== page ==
Although ASHA continues to maintain that the best model of hearing
health care features audiologists and consumers collaborating on treatment
options, it recognizes instances where that model can be modified. There may be
advantages to making hearing aids directly available to some consumers with
mild hearing loss. Less costly over-the-counter (OTC) hearing aids could serve
as an early gateway for users with mild hearing loss to explore whether they
could eventually adapt to hearing technology without significant financial
outlay. It is already the case that consumers with perceived mild hearing loss
can seek amplification on their own, without professional involvement, by
purchasing unregulated personal sound amplification products or other products
and devices that are indirectly marketed for hearing loss.
Consequently, ASHA will support proposed legislation related to OTC
hearing aids for mild hearing loss only, given that the following provisions are
included in the legislation:
Require the FDA to
- establish limited gain and output thresholds for
these hearing aids;
- ensure that OTC hearing aids are available for
- establish a means for collecting information on
consumer safety and other potential complaints;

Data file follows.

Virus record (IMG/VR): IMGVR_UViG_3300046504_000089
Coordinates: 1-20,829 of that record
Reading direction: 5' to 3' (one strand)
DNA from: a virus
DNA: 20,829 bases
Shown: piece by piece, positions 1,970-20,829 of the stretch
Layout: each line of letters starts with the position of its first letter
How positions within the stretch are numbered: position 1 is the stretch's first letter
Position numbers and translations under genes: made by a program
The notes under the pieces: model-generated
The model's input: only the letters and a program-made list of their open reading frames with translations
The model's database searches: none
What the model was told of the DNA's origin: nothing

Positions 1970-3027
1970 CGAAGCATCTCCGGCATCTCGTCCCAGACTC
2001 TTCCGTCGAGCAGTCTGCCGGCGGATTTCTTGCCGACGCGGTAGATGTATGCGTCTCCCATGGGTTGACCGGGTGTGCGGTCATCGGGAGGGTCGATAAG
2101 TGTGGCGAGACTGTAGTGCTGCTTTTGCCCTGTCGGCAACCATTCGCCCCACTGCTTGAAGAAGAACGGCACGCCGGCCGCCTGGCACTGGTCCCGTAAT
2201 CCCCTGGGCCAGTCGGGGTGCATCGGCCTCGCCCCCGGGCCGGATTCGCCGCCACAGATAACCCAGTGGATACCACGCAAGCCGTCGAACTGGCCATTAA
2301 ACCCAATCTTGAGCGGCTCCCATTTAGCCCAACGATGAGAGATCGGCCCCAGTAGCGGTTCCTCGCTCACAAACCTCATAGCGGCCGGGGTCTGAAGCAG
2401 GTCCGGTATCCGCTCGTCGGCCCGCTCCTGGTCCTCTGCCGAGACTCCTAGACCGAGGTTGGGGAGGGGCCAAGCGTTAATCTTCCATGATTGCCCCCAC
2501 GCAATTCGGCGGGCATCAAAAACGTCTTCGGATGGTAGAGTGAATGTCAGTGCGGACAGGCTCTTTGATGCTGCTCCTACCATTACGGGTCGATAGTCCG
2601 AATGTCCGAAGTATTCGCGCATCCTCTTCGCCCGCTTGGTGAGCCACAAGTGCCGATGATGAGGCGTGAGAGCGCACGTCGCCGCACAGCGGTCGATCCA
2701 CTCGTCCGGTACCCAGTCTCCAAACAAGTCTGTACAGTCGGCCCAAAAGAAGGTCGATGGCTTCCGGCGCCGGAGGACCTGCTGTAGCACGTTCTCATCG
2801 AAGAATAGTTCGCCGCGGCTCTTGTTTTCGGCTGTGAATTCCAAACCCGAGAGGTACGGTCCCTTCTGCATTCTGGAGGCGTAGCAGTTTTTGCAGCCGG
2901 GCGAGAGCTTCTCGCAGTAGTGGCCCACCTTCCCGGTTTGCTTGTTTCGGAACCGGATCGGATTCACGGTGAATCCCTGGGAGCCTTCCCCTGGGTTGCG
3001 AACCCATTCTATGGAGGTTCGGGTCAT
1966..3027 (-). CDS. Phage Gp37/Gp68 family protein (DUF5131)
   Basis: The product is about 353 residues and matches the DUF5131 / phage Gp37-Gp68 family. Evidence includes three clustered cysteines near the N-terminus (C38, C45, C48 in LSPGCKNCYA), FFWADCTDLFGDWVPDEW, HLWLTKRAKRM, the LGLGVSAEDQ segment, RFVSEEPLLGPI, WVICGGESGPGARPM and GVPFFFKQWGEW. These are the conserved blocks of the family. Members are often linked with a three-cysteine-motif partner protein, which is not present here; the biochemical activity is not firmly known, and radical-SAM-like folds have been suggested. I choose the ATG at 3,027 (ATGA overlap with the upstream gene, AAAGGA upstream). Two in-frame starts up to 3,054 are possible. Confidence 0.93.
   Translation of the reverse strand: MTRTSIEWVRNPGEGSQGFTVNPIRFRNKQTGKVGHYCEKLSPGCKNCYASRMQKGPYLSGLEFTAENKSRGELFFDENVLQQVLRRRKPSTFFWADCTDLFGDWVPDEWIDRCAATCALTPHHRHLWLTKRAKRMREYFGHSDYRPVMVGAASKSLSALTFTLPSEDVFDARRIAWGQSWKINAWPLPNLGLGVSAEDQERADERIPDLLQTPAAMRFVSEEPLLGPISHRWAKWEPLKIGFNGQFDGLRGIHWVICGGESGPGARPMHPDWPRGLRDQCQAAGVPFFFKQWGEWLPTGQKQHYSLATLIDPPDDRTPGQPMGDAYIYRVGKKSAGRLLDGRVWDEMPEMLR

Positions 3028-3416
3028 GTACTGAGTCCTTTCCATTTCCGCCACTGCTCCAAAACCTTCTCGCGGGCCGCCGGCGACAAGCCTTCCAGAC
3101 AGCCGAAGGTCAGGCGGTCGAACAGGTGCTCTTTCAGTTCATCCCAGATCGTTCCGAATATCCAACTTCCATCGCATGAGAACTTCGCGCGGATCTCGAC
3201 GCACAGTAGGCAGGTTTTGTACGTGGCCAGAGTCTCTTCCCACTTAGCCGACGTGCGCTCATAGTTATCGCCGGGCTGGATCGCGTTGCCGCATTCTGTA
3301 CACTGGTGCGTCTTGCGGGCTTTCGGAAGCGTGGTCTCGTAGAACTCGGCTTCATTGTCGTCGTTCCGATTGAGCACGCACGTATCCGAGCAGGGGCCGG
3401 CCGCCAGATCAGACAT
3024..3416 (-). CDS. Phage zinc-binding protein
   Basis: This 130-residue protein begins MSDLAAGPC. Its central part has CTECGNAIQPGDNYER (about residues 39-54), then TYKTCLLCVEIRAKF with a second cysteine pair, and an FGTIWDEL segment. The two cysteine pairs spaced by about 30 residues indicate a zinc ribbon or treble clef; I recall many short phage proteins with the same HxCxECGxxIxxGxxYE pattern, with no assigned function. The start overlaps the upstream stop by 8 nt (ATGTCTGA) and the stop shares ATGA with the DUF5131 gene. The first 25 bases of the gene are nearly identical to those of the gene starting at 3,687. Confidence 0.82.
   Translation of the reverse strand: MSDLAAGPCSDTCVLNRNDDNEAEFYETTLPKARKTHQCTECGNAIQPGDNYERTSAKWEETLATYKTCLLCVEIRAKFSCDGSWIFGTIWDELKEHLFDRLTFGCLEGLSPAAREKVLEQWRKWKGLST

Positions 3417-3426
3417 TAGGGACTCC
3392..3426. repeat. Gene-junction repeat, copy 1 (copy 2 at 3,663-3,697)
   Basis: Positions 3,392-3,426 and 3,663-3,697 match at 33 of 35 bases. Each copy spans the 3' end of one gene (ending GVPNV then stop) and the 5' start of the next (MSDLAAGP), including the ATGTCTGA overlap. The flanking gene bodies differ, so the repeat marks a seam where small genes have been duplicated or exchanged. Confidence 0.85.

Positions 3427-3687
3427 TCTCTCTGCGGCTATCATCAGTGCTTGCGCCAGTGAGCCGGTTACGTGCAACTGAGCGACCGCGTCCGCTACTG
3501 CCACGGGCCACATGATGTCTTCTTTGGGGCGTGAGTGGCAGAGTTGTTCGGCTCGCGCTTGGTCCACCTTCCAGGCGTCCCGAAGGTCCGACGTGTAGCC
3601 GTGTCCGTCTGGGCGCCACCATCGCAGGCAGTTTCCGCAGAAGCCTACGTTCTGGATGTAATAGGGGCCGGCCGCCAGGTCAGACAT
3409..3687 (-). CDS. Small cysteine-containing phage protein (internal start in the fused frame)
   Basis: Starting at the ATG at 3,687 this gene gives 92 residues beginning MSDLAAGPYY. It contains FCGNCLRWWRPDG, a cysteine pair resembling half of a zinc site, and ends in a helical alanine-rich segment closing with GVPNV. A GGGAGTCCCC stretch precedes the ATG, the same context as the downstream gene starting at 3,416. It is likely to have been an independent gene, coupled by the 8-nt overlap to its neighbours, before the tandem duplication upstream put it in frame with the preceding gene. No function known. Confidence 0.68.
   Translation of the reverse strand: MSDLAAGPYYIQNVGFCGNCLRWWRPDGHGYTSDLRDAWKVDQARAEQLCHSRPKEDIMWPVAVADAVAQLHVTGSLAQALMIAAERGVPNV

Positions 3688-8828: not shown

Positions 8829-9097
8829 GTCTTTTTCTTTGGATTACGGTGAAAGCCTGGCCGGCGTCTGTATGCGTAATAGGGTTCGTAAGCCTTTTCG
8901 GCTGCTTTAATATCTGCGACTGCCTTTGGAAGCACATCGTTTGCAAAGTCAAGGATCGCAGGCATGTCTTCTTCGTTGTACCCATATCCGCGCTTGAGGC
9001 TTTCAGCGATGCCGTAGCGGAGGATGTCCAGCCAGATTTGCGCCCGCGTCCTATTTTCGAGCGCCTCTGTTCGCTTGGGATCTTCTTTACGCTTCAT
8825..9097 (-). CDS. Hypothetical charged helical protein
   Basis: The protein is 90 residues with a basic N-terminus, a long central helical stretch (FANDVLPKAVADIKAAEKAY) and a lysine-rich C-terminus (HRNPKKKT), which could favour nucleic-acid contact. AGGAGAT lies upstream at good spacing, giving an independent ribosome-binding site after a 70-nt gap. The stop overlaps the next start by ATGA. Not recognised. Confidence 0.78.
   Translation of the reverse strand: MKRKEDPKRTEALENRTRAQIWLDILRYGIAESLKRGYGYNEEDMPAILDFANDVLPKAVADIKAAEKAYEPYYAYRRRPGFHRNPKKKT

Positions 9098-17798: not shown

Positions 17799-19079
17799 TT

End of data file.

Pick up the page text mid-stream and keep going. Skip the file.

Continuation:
- require labeling that strongly recommends
seeking audiologic diagnostic and rehabilitative services; and
- require labels that provide consumers with
warning signs for conditions that require medical treatment.
Ensure that current insurance coverage of
hearing aids is not undermined. Currently, some states mandate that insurers,
including Medicaid, provide coverage for hearing aids for adults; the U.S.
Department of Veterans Affairs and the Federal Employee Health Benefits Plans also
provide coverage for hearing aids. Any new OTC model should not be seen as a
substitute for hearing aid benefits under third party plans.
Furthermore, ASHA strongly encourages Senator Chuck
Grassley (R-IA) and Senator Elizabeth Warren (D-MA) to take a more holistic
approach to access to and affordability of hearing aids. Although we can support the creation of a new OTC
hearing aid category for mild hearing loss, we believe that this represents
only part of the solution. A parallel effort must be undertaken to ensure the
establishment of both public and private insurance coverage for patients with
hearing loss who do not benefit from an OTC device. These additional categories
of services would include coverage of the professional auditory rehabilitation services
of an audiologist that would allow a person with hearing loss to maximize their
communication abilities with amplification. Without meaningful coverage of all
hearing health care services for all individuals with hearing loss, there is a
high probability that these individuals will inappropriately self-prescribe OTC
devices and fail to receive appropriate care—thereby, not achieving the
sufficient benefit from OTC hearing aids.
ASHA will work with other stakeholders to encourage
the Centers for Medicare & Medicaid Services and private health plans to
achieve these goals. We urge Congress to review and develop legislation to
address Medicare and Medicaid coverage of audiologic services and hearing aids
simultaneously with consideration of a new category of OTC hearing aids.
For more information, contact Ingrida Lusis, ASHA's director of federal
and political advocacy, at [email protected].